Oh my, I could write practically an entire post in this comments section. I think I may have to do a spin-off post on your topic! :)

Great question!

Kay said...

Well, my first thought was mysteries. I can see the appeal of a broader genre like classics (is that a genre?). Would YA books be a genre? I could probably go with that if it were. But, I really love mysteries best. I'll stick with that.

Wanda said...

Love your reasoning and Classics do have many to choose from!

My BTT is here.

Creations by Laurel-Rain Snow said...

Okay, now that's difficult! Variety is the spice of life and all...but, like someone said, if held at gunpoint, I can do it. I'd choose women's fiction, specifically those stories about issues. Mysteries (the kind I love, of course) would run a close second.

But...isn't it wonderful we don't have to choose?

Suey said...

I think I'd have to go with classics too. And.... there are fantasies that can be considered classics now, right? The Lord of the Rings for one... so see... I can get both in. :)

Lynne said...

That's easy, for me it would be memoirs. I think people are so interesting, and like Oprah says, 'Everyone has a story.' (Okay, some more interesting than others, but hey...)

Carina said...

I love your reasons for choosing classics! At least you're backing it up, whereas a lot of people blindly defend classics like it's just common sense to want them most. My pick is here.

Rose City Reader said...

Great answer! I came close to choosing "classics" but worried I'd have to spend eternity reading Henry James. :)

Here is my BTT answer on Rose City Reader.

Margot at Joyfully Retired said...

Molly, you are too, too clever. By picking classics you allow yourself to read a wide range of genres. Good for you.

Alison's Book Marks said...

You inspired me to answer this BTT! thank you!

http://www.alisonsbookmarks.com/2010/04/btt-one-genre.html

bermudaonion said...

I don't think I could choose, but I love your answer!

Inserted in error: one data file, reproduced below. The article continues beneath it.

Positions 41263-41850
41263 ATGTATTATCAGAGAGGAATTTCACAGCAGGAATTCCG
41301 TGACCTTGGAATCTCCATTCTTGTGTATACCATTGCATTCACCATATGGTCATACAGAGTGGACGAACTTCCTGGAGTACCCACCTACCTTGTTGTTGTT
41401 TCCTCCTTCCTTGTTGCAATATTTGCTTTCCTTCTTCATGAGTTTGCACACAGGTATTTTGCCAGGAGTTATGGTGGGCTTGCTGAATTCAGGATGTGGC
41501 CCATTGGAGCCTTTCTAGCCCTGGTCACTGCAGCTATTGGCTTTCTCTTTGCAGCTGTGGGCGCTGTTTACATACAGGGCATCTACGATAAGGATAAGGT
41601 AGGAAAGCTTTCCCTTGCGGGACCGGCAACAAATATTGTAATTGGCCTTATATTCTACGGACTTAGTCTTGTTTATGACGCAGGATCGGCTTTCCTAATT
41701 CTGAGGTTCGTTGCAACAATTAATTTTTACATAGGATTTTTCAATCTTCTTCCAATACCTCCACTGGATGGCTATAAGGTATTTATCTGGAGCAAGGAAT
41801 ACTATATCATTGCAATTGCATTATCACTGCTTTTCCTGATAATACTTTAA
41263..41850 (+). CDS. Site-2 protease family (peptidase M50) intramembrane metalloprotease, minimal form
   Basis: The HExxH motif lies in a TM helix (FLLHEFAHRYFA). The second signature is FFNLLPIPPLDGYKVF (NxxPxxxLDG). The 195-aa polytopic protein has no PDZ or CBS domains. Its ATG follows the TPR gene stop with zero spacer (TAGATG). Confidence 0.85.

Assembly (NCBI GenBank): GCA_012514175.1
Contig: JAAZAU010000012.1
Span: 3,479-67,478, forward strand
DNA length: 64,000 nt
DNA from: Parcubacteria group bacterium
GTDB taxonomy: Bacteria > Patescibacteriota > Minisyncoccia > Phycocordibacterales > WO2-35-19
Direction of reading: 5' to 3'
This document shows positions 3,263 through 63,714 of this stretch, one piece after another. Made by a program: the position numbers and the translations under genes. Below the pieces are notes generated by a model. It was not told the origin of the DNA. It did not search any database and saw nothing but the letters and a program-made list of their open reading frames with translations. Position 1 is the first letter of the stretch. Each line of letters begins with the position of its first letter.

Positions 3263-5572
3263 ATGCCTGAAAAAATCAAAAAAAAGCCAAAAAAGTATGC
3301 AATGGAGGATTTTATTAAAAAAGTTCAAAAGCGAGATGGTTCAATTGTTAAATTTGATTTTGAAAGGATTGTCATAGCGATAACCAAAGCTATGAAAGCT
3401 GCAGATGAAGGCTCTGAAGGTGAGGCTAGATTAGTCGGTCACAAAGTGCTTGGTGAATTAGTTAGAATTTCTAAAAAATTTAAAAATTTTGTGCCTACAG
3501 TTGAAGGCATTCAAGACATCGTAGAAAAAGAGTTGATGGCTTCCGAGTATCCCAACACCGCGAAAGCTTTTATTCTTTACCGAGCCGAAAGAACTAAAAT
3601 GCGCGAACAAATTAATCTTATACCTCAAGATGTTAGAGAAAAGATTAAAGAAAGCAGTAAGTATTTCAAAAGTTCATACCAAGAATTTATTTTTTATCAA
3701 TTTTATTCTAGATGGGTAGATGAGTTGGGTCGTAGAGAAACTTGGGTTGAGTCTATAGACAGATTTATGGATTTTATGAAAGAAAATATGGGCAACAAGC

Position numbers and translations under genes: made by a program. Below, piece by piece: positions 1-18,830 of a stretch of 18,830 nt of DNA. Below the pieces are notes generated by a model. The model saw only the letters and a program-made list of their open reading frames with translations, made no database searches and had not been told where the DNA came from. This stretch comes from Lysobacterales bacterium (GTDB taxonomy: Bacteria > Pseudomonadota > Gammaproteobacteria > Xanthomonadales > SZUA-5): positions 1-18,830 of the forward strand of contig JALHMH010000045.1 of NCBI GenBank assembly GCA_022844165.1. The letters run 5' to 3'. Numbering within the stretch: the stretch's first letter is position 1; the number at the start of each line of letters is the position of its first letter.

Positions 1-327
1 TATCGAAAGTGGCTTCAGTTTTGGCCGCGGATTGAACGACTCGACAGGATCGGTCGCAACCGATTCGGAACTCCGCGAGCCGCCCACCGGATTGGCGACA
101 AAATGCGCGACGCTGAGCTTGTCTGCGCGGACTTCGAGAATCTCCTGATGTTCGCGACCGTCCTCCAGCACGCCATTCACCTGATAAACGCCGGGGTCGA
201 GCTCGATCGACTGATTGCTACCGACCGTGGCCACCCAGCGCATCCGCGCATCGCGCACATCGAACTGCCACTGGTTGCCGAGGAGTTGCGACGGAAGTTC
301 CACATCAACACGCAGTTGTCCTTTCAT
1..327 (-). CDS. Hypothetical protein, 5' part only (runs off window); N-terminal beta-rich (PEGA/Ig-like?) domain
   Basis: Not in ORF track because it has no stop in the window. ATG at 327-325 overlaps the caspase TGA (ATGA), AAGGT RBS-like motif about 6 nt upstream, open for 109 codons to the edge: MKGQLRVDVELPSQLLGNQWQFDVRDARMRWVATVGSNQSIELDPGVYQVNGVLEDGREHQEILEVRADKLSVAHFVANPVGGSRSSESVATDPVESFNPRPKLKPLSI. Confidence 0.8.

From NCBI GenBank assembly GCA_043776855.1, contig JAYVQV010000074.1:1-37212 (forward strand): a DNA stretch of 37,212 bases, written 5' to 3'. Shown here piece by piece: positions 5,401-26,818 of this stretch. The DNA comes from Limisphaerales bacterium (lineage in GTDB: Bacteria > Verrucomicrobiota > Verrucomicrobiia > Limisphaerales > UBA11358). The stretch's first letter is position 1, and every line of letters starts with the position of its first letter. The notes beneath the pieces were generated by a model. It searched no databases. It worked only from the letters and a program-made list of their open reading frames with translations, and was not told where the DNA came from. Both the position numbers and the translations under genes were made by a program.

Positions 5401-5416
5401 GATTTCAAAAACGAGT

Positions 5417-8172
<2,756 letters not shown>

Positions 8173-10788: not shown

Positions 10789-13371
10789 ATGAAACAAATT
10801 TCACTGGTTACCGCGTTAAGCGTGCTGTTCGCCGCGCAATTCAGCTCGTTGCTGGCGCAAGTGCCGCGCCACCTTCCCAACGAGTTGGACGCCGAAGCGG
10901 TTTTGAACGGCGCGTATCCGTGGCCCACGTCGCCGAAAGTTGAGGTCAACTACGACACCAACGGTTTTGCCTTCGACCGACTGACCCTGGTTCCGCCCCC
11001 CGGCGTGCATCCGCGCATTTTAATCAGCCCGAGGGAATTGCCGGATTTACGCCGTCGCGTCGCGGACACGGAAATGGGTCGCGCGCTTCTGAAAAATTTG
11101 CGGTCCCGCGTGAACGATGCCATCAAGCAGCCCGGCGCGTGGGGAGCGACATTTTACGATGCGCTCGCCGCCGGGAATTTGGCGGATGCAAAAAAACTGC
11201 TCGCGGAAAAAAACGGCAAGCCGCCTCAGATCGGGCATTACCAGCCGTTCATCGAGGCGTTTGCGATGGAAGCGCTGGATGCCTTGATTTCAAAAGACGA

Belle said...

I hate questions like this - I don't like the idea of having to choose! Loved your answer. I think I'd fudge and say "children's and YA books" and insist that's a genre, because then I can get my mysteries and my fantasies and my sci-fi, depending on the book :)

Sandy Nawrot said...

Sort of a nightmarish scenario, isn't it? I guess I would choose contemporary classics, as they have a little of everything in them. I would be bereft without my crime thrillers though!

Dave and Tami said...

I would have to pick mysteries - but I would probably make that a pretty broad category and let it include cozies, thrillers, classics like Christie, there are even some Christian mysteries out there - but I always love a story with a puzzle to figure out.

JoAnn said...

Classics would definitely be my choice, too!

Lisa said...

My gut instinct was classics as well for the same reasons. And what we call "classics" really encompasses such a broad variety of books, I think you would be less likely to be bored after a few years. But I would miss the chance to pick up something light periodically to give my brain a sherbet break.

Jenners said...

This is a nightmare of a question ... I would not one to be limited like that. I would probably choose classics and strech the definition as far as I could to include modern classics and "instant" classics. : )